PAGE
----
Petrified About Public Speaking?

Fifteen Frightful Ways to Fail

Presentations can be scary. Standing in front of a group to teach, speak at a meeting, or conduct a group orientation, can make the bravest of us wish we were invisible. And small wonder, because we have all attended some terrible presentations that may haunt us forever.

First, becoming a good presenter takes lots of practice. Second, you must have the ability to learn from others’ mistakes and avoid them, so here are 15 frightful ways to fail — and how to avoid them:

  1. Use inappropriate humor.       Humor that offends people is worse than not using any at all. If you have any doubt about your material, don’t use it. Tie humor to your topic and don’t use anecdotes that are always the same theme (like sports, or children).
  2. Gesture in distracting ways.       Be careful where you aim — finger pointing can be insulting, and waving your hands can distract listeners.       Pay attention to your gestures and eliminate the pointing and waving through practice.
  3. Speak in a monotone. Only if you are a hypnotist and you want them verrrryyyyy sleeeeepy. Try to vary the cadence of your speech and the pitch of your voice. Tape yourself during practice and play it back to check the changes in your voice.
  4. Repeat the same phrase—a million times. Repeated phrases are, uh, ya know, annoying, and, uh, ya know, laughable.       Listen to yourself and catch the phrases and speech tics that have become habitual.
  5. Eat or chew gum while you are speaking. When it’s your turn to speak, especially during a meeting where there is food, make sure you are finished enjoying that donut or the gum before you start talking. People may not understand what you are saying, and you can’t hide what’s in your mouth. Where are your manners?
  6. Go off on a tangent. Stay on topic, if you digress, get right back to the subject at hand. People will stop listening, and you appear disorganized.
  7. Quote research in general terms. For example stating, “a recent survey shows” or “psychologists say”. If you are quoting research, then be specific.   Otherwise, your credibility is in question, or you appear too lazy to have looked it up.
  8. Speak softly and carry a big stick. If you speak too loudly, it could irritate listeners, and put them on the defense and you might be spitting on them. If you speak too softly, listeners tune out because they can’t understand you.
  9. Never look them in the eye. Avoiding eye contact makes you appear scared or dishonest. As you speak look someone in the eye a couple of minutes and then move on to the next person. If you are using a screen or chart, don’t talk to it, talk to the listeners.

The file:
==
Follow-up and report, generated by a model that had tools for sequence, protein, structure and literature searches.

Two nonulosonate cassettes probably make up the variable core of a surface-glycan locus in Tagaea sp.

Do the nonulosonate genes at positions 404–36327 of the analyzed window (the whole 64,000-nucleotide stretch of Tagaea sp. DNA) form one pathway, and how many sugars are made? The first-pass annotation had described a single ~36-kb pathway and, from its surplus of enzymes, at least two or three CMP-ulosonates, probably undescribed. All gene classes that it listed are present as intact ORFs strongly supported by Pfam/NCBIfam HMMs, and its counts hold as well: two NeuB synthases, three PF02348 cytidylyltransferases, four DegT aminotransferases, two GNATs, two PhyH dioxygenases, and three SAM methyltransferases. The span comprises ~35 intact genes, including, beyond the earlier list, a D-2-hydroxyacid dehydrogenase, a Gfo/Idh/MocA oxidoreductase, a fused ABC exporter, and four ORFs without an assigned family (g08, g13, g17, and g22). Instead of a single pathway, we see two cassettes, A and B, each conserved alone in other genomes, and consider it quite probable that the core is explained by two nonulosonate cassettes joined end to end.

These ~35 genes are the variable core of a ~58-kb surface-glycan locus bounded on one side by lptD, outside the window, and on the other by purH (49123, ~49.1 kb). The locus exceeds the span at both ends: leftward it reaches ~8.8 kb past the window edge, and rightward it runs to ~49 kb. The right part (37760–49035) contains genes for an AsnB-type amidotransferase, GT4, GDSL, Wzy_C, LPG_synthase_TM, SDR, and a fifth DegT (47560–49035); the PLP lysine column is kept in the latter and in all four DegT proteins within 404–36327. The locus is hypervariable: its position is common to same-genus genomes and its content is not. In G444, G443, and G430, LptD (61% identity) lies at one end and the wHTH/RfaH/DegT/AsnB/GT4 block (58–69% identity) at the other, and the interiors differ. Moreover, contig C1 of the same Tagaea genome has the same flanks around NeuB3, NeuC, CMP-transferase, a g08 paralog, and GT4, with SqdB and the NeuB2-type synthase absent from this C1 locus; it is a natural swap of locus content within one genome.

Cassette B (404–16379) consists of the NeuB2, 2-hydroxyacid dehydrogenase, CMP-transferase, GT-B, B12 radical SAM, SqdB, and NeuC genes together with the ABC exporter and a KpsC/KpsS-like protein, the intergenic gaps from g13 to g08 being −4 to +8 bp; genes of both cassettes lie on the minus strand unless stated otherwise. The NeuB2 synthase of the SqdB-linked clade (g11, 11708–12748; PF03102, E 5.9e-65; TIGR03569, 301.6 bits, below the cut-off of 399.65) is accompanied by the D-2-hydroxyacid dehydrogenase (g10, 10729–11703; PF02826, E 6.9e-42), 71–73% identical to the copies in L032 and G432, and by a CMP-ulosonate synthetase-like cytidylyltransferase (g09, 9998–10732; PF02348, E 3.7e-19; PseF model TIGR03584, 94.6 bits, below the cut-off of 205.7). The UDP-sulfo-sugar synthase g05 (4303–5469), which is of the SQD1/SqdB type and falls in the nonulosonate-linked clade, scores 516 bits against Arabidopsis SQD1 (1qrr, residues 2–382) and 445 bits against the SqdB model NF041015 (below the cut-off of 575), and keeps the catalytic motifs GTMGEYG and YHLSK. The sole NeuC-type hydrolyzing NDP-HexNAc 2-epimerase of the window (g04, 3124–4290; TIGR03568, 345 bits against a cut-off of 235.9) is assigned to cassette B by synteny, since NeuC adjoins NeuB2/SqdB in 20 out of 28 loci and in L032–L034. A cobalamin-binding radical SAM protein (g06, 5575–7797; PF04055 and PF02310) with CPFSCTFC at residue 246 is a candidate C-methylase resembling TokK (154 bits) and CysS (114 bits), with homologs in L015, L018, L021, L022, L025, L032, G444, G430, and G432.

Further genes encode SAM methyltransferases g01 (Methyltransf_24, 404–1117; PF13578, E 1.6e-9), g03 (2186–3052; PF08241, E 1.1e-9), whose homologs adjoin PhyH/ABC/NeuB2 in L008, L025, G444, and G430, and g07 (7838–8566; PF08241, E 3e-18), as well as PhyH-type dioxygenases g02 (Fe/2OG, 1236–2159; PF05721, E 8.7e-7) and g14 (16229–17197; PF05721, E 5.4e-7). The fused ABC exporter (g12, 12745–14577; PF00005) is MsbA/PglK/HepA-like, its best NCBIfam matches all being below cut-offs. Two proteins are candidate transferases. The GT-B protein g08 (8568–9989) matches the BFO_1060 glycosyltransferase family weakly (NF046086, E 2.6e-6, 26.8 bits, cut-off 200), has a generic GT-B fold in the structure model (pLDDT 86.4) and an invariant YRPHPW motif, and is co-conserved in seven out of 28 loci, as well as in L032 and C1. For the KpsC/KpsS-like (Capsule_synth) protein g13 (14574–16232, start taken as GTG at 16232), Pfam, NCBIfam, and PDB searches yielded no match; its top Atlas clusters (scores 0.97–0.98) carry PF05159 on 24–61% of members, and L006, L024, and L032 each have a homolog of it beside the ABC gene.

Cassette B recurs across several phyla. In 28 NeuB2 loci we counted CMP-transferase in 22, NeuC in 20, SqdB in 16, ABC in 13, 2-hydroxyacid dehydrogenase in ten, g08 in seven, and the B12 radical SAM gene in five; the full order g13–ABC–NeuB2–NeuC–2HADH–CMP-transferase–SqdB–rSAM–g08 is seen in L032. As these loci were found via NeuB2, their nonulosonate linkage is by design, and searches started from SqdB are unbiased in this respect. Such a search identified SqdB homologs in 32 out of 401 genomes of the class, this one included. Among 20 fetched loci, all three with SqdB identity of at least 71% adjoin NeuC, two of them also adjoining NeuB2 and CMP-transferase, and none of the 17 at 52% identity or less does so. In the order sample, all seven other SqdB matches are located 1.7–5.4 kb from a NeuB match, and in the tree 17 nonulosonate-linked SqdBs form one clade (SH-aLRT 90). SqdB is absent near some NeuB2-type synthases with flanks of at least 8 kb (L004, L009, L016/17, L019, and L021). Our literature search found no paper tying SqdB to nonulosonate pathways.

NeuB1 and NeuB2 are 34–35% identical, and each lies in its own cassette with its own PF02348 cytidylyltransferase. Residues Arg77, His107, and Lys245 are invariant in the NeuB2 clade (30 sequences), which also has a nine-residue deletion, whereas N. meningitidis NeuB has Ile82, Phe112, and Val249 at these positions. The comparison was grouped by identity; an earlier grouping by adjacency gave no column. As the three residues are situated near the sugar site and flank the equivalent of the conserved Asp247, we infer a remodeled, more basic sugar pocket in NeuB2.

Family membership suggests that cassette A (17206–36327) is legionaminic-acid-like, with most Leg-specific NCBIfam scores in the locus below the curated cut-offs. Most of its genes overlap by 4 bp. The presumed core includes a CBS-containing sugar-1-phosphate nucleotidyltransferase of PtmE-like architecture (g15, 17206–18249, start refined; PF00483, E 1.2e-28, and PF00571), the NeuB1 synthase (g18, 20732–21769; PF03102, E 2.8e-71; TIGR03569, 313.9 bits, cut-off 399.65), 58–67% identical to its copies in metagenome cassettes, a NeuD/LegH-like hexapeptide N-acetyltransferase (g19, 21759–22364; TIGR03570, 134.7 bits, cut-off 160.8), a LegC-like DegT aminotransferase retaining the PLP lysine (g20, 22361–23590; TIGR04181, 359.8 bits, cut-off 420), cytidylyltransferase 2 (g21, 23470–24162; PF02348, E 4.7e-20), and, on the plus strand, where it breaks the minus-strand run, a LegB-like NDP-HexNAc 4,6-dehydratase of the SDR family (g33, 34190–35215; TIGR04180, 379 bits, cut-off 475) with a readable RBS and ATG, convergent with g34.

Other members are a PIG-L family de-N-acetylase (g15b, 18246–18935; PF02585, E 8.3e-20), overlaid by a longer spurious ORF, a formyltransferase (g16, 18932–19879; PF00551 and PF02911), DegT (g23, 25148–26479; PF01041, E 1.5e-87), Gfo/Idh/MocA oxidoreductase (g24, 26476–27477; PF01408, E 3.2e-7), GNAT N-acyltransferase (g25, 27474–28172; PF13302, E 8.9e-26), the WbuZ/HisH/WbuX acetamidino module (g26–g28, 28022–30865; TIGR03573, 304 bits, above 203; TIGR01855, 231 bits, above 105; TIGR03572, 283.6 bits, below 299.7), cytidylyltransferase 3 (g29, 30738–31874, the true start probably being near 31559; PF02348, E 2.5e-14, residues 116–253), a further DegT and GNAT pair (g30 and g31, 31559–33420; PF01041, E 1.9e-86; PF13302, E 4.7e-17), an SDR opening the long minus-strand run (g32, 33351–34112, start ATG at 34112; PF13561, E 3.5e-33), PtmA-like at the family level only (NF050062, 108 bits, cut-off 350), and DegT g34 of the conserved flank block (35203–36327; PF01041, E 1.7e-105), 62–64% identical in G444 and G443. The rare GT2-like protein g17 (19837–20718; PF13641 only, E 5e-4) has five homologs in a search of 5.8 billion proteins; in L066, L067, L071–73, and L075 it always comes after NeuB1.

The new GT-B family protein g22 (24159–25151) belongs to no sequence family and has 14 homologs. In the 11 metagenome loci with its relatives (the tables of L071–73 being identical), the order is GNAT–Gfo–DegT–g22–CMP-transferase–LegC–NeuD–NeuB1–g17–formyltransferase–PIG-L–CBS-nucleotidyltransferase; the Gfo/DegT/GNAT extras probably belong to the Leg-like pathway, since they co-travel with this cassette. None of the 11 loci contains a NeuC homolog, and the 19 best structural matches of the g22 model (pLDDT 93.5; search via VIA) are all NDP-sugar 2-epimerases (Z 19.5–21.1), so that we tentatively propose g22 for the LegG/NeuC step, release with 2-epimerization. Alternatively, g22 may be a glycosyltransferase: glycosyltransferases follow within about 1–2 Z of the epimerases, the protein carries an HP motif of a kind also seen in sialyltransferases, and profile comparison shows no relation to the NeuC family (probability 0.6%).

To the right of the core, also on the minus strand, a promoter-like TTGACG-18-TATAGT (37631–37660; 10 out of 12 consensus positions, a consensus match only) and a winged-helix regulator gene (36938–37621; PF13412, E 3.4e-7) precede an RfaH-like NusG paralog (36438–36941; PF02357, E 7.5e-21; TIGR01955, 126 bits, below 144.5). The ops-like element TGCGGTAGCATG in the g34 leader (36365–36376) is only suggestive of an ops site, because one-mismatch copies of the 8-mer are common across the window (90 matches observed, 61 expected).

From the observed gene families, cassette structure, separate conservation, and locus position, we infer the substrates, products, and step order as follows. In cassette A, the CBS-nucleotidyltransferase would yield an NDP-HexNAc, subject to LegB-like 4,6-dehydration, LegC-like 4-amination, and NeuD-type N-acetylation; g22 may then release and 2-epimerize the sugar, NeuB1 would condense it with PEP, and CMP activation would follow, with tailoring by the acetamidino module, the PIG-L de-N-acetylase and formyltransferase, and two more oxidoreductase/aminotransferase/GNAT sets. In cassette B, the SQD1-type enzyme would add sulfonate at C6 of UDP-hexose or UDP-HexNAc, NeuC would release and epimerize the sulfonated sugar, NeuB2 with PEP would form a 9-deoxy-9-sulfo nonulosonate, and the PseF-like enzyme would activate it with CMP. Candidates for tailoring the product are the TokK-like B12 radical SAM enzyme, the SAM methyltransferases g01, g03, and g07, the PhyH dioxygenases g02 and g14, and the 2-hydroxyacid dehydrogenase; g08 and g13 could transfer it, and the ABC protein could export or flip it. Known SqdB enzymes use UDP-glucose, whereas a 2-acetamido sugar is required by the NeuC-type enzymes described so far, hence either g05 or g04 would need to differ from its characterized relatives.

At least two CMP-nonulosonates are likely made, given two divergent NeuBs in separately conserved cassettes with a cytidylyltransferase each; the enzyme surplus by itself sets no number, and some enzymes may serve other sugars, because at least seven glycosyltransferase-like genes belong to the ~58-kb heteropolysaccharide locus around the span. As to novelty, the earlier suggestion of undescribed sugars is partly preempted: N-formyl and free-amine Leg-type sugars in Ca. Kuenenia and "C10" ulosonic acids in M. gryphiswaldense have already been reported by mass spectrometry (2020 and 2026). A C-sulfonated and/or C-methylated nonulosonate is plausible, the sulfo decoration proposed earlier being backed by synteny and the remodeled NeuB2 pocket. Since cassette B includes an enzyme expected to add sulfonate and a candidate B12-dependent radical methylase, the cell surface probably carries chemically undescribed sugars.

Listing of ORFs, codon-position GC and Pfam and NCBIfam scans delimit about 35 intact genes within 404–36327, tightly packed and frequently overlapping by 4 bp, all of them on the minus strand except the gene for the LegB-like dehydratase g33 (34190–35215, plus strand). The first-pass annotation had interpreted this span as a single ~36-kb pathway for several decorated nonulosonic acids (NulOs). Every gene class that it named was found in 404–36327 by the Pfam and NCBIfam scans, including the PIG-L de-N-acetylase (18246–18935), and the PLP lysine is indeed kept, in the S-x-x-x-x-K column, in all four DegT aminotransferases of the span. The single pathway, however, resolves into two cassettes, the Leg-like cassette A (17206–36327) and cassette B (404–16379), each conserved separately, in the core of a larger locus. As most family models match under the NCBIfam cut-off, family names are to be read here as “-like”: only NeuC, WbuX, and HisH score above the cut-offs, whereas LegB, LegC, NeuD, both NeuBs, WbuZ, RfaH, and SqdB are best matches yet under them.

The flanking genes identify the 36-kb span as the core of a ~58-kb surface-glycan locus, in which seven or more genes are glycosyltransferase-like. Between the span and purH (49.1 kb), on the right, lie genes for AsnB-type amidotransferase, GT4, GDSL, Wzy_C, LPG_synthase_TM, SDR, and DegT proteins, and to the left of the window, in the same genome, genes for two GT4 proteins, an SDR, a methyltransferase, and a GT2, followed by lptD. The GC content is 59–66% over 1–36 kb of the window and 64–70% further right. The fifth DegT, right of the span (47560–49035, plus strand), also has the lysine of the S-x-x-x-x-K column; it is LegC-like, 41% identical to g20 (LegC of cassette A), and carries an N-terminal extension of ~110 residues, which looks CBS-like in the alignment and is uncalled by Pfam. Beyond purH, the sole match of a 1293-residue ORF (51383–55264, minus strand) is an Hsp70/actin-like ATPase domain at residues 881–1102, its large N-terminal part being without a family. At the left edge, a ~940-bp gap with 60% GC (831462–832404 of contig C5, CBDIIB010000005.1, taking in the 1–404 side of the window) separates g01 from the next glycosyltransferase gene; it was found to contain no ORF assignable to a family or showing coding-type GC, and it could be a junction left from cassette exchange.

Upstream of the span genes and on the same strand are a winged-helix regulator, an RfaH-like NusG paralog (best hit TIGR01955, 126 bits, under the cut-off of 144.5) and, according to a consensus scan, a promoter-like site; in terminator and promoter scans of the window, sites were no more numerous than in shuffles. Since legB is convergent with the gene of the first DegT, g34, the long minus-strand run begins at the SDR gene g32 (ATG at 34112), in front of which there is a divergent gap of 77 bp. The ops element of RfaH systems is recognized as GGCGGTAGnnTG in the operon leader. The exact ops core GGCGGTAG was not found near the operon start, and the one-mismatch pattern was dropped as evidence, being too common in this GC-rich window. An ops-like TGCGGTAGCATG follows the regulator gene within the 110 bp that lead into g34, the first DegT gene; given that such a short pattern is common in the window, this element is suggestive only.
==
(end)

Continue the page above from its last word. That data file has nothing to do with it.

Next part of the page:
10. Get carried away. It’s great to be passionate or enthusiastic about your topic, but don’t lose your temper, or lose control of your emotions. You may appear childish, and repel your audience. Take deep breaths and be calm.
  11. Use stupid Ice breakers.       Who hasn’t felt silly playing a goofy guessing game? Making introductions or having participants introduce themselves is a better ice breaker than embarrassment.

When using media and equipment in the presentation:

12. Present an outdated program.       Some of the material is so old, it’s erroneous or obsolete. Another problem is using something obviously “canned”. Be sure you update your materials frequently, and customize it for the audience.

13. Read out loud to your audience every slide, and the handout, so you get every word perfectly.       You might as well play a video and call it a day. Put a little more work into it and know your subject.       Only read something if it is an exact quote.

14. Overload your power point with too much animation. A little goes a long way; don’t fall in love with the gimmicks. You want the subject to be remembered, and not the “showy graphics”.

15. Walk in front of the projector. This makes you look like an amateur, plus you can go blind!

According to the “Book of Lists”, public speaking is number one on the “fear list”, above death and disease! Horrifying as it sounds, usually the more public speaking you do, the easier it becomes, so practice is the key.

If you want to take your public speaking skills to another level, consider visiting “Toastmasters”, an international nonprofit organization, or contacting a “for profit” professional course such as Dale Carnegie Training.



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